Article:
Roy and Kaye Ward have been breeding Hereford bulls on the northern Coromandel Peninsula for more than 30 years and have built a reputation for hardy animals which perform well on all pastures.
Kairaumati hereford bulls are hardy animals.
The ‘plunket round’ – Roy Ward weighs a Kairaumati Hereford calf on his Coromandel farm.
“Our bulls shift well because they have grown up eating kikuyu grass in summer, so grow really well when they go on to other pasture – it’s a bit like going from bread to cake,” says Kaye.
Buyers will be able to take advantage of those and other traits Kairaumati Herefords are known for when the stud holds its annual sale on September 9 near Turua.
Stud cows were first bought to the home farm, which ranges from river flats to very steep hill country surrounding the village of Colville, in 1996.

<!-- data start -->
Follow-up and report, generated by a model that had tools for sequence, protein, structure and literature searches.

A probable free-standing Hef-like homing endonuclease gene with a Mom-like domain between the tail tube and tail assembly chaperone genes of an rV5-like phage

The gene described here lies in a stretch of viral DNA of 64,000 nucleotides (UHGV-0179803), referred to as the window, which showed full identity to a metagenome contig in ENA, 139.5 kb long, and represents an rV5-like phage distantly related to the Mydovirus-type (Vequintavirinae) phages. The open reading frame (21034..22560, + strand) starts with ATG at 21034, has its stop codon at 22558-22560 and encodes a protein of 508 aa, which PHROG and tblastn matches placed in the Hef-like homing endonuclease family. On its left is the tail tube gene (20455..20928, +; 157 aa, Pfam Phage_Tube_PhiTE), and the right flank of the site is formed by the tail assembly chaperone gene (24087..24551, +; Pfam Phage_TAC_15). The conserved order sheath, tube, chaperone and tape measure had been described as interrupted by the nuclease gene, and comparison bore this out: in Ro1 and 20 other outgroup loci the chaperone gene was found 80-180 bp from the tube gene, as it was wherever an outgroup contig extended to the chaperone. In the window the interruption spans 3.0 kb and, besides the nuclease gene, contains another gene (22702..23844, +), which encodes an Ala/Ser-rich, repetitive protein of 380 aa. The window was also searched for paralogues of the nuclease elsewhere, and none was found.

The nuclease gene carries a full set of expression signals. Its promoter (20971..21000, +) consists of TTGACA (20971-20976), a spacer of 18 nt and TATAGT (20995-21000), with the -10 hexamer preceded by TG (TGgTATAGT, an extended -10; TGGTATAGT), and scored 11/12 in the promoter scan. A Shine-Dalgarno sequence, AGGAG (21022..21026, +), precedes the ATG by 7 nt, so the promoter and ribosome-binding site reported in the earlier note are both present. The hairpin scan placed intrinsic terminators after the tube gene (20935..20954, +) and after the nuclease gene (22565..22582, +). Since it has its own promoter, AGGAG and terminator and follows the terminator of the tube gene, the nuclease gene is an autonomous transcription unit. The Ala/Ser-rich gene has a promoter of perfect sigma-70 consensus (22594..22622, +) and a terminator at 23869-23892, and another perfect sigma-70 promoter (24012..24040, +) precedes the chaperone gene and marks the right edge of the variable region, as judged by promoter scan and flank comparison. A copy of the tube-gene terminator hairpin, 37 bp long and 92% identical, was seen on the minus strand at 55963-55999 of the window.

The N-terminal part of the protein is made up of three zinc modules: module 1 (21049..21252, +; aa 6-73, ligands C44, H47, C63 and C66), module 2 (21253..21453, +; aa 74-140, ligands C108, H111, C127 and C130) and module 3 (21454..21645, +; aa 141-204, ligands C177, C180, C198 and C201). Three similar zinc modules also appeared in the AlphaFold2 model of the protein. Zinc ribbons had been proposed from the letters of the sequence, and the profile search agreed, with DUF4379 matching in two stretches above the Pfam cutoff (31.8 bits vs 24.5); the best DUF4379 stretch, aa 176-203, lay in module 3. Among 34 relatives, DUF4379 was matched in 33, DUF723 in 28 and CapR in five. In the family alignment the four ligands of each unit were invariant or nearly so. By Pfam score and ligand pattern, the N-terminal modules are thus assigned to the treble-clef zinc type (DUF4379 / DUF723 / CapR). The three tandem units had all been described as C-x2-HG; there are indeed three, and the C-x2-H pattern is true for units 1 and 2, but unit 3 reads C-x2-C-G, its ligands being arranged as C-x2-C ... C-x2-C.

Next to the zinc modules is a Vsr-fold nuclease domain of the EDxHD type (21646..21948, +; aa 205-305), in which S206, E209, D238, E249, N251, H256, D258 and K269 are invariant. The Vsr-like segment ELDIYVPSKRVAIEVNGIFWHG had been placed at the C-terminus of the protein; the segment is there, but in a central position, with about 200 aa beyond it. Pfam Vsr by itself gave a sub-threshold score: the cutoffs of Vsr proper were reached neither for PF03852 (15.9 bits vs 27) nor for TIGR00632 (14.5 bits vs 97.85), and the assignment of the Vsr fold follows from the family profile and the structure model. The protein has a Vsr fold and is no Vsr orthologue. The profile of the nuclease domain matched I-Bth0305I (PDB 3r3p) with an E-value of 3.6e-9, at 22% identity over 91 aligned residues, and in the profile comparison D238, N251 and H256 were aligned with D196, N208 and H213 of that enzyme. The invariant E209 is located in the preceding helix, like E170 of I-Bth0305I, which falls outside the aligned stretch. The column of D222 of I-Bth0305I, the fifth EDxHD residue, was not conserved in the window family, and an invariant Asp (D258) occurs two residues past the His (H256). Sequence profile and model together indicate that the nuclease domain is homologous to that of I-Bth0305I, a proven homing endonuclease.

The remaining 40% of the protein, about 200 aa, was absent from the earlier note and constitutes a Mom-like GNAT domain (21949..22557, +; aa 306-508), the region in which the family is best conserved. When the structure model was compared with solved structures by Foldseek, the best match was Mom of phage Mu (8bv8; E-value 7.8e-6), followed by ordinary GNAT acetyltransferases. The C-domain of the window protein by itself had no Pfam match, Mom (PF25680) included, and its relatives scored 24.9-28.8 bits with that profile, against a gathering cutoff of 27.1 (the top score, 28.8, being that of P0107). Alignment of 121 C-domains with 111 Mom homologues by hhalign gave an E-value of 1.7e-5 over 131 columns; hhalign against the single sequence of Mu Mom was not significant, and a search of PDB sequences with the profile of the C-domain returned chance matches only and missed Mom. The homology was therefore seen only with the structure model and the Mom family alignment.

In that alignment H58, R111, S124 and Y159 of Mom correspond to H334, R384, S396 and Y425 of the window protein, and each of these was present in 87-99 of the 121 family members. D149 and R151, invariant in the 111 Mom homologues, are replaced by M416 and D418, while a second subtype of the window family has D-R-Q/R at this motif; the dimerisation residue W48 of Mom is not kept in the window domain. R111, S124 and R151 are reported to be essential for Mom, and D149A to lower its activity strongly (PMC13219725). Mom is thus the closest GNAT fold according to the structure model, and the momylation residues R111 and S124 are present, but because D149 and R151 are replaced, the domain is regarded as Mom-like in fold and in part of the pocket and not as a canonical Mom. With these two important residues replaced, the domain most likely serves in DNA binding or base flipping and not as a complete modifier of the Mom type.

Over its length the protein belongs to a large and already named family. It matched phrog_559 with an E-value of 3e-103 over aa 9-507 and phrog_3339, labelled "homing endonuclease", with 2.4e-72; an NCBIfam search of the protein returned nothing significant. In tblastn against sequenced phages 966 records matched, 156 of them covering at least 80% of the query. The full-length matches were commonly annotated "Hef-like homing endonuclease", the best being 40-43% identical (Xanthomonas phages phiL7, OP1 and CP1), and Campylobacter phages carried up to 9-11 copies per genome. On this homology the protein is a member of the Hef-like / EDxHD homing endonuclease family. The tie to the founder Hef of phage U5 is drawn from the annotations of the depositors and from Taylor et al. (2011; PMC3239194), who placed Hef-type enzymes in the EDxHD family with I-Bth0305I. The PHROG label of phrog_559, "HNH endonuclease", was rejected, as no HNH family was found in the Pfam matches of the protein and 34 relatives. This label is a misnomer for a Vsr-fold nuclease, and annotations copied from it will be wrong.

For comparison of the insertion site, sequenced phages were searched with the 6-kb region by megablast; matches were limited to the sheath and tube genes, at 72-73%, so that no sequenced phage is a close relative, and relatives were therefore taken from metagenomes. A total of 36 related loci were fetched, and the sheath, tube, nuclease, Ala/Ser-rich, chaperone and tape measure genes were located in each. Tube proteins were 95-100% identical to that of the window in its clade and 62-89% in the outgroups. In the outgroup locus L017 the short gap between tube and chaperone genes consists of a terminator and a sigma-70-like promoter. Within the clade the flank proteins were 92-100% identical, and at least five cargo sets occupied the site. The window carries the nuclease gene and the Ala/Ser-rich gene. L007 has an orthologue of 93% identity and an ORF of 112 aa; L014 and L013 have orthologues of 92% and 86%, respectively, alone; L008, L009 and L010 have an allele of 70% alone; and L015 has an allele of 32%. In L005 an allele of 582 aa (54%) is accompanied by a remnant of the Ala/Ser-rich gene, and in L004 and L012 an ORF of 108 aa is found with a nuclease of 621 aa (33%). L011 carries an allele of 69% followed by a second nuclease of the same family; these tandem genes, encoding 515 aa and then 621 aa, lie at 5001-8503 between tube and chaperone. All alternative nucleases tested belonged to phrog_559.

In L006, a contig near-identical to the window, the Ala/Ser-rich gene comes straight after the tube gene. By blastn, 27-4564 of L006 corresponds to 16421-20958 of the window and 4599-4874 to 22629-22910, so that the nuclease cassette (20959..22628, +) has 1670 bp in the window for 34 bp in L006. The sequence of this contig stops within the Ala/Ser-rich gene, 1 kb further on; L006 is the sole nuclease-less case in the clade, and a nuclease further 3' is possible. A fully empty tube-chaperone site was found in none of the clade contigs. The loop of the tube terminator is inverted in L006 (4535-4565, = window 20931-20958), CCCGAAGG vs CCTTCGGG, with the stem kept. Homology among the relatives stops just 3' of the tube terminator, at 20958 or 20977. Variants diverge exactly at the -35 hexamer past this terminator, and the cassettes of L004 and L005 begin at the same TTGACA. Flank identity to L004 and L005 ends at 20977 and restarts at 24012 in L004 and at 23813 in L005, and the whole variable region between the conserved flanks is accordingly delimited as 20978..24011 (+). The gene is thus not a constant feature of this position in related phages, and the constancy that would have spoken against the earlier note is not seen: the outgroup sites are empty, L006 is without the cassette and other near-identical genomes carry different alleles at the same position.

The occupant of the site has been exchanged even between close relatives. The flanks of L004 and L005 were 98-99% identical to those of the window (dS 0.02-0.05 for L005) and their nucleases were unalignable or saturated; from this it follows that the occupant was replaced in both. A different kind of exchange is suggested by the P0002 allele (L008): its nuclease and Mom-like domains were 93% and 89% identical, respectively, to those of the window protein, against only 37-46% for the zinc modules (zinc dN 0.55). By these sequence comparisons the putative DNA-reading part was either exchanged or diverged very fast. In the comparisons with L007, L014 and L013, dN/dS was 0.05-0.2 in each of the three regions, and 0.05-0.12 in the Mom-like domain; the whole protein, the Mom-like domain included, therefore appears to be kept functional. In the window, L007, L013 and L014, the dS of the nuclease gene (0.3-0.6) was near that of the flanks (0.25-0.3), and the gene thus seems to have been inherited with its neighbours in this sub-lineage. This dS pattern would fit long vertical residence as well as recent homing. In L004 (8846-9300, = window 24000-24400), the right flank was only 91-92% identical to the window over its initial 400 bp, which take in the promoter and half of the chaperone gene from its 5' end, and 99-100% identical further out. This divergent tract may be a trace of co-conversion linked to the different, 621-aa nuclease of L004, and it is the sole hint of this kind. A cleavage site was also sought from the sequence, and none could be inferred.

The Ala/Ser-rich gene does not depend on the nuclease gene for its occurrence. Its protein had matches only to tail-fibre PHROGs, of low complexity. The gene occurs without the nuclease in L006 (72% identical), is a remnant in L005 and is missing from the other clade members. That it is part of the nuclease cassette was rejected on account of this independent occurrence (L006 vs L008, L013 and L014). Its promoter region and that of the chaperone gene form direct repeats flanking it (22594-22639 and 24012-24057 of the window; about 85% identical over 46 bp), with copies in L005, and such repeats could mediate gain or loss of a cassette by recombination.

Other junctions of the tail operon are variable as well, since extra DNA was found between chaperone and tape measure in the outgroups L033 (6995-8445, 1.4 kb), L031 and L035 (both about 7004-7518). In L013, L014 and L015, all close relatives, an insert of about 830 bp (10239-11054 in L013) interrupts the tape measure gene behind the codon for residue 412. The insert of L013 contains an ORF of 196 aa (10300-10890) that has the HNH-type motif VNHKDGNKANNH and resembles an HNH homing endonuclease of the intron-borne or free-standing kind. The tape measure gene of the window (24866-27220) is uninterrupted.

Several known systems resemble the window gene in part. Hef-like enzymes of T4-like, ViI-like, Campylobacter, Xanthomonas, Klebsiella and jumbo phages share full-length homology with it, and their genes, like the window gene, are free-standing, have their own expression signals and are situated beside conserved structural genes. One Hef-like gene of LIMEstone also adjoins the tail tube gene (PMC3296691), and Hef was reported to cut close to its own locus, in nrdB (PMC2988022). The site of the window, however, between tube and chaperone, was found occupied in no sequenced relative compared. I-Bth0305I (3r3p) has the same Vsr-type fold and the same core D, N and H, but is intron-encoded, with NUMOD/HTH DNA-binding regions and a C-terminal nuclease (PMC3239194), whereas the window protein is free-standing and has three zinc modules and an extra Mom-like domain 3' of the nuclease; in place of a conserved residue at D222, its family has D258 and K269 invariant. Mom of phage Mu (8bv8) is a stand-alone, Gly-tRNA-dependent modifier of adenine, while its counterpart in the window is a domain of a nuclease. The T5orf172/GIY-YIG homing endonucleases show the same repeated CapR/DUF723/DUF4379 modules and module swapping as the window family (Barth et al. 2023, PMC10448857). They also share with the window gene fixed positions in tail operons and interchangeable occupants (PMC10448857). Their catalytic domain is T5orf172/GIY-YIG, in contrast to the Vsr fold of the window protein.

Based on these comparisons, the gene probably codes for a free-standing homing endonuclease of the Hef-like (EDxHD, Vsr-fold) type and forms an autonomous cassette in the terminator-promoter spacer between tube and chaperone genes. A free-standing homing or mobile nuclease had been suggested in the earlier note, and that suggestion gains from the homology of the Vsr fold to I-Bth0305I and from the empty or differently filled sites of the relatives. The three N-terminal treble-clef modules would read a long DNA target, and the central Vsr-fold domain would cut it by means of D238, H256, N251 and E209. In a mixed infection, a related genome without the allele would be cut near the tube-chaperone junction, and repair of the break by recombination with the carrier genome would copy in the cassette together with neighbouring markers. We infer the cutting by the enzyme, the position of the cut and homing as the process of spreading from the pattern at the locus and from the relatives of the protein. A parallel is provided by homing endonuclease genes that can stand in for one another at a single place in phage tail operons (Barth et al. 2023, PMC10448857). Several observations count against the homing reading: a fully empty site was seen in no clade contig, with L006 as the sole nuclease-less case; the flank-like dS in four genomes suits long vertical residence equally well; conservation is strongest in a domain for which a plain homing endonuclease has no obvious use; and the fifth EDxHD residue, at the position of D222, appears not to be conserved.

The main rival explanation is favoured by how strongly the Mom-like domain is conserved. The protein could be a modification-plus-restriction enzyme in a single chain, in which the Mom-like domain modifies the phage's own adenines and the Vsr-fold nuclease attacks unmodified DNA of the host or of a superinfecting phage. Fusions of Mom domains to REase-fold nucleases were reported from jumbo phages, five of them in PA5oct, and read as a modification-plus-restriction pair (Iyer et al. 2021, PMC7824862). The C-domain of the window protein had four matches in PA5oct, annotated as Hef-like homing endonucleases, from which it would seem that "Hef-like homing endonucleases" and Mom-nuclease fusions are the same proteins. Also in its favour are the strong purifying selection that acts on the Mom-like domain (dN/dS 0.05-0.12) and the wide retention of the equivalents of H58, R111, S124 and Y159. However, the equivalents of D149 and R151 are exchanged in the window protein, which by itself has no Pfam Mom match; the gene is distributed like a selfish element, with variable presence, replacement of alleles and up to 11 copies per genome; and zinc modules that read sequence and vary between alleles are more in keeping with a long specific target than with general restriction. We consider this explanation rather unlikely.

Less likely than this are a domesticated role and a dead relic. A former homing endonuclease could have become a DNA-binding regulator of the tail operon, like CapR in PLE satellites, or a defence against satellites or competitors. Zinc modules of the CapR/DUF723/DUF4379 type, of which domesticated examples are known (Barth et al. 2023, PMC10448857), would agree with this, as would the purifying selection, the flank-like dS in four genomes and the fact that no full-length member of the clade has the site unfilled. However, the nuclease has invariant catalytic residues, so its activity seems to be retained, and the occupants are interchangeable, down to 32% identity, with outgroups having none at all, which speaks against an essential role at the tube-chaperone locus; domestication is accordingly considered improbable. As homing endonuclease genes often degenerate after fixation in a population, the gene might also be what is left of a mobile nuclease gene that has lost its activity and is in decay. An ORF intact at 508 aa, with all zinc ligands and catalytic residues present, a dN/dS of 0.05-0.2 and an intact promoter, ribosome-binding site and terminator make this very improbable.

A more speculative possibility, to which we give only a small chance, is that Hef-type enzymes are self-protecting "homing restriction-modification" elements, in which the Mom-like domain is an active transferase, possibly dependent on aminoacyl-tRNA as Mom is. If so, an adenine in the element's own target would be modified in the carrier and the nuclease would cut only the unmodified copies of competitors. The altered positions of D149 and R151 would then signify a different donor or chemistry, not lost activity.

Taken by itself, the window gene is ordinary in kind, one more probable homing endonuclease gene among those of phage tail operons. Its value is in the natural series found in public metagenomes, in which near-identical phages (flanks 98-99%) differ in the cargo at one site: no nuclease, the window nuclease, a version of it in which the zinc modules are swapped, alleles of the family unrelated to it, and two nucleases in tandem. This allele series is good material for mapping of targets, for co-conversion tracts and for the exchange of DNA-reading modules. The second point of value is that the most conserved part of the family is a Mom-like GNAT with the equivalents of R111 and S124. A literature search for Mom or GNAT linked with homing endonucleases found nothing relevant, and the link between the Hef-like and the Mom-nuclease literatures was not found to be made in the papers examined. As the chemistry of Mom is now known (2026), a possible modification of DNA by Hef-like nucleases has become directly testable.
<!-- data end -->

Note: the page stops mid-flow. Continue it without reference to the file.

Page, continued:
Now the herd numbers 120 registered cows. Half of the herd is calved in a seven-week period near August.
The other half is calved in January and February. This has worked very successfully during the last four years.
“Herd and AI sires are primarily selected on calving ease, larger scrotal size, which reflects on fertility, above average carcass traits and structural soundness,” says Kaye.
“There is little emphasis placed on growth as long as bulls are in the average-plus range of growth estimated breeding values and well-muscled, but not to dumpy.
“With traceability of animals there will be more focus on carcass traits, as good premiums are already paid for animals that fit the criteria. These are the values we believe will suit both beef and dairy farmers.”
The herd is fully performance-recorded for all Estimated Breeding Values traits. Bulls are transported to a 17 acre block near Turua where the annual sale is held annually on the second Tuesday of September.
“This year the bulls are exceptionally quiet and easy to handle, in good condition with good markings.”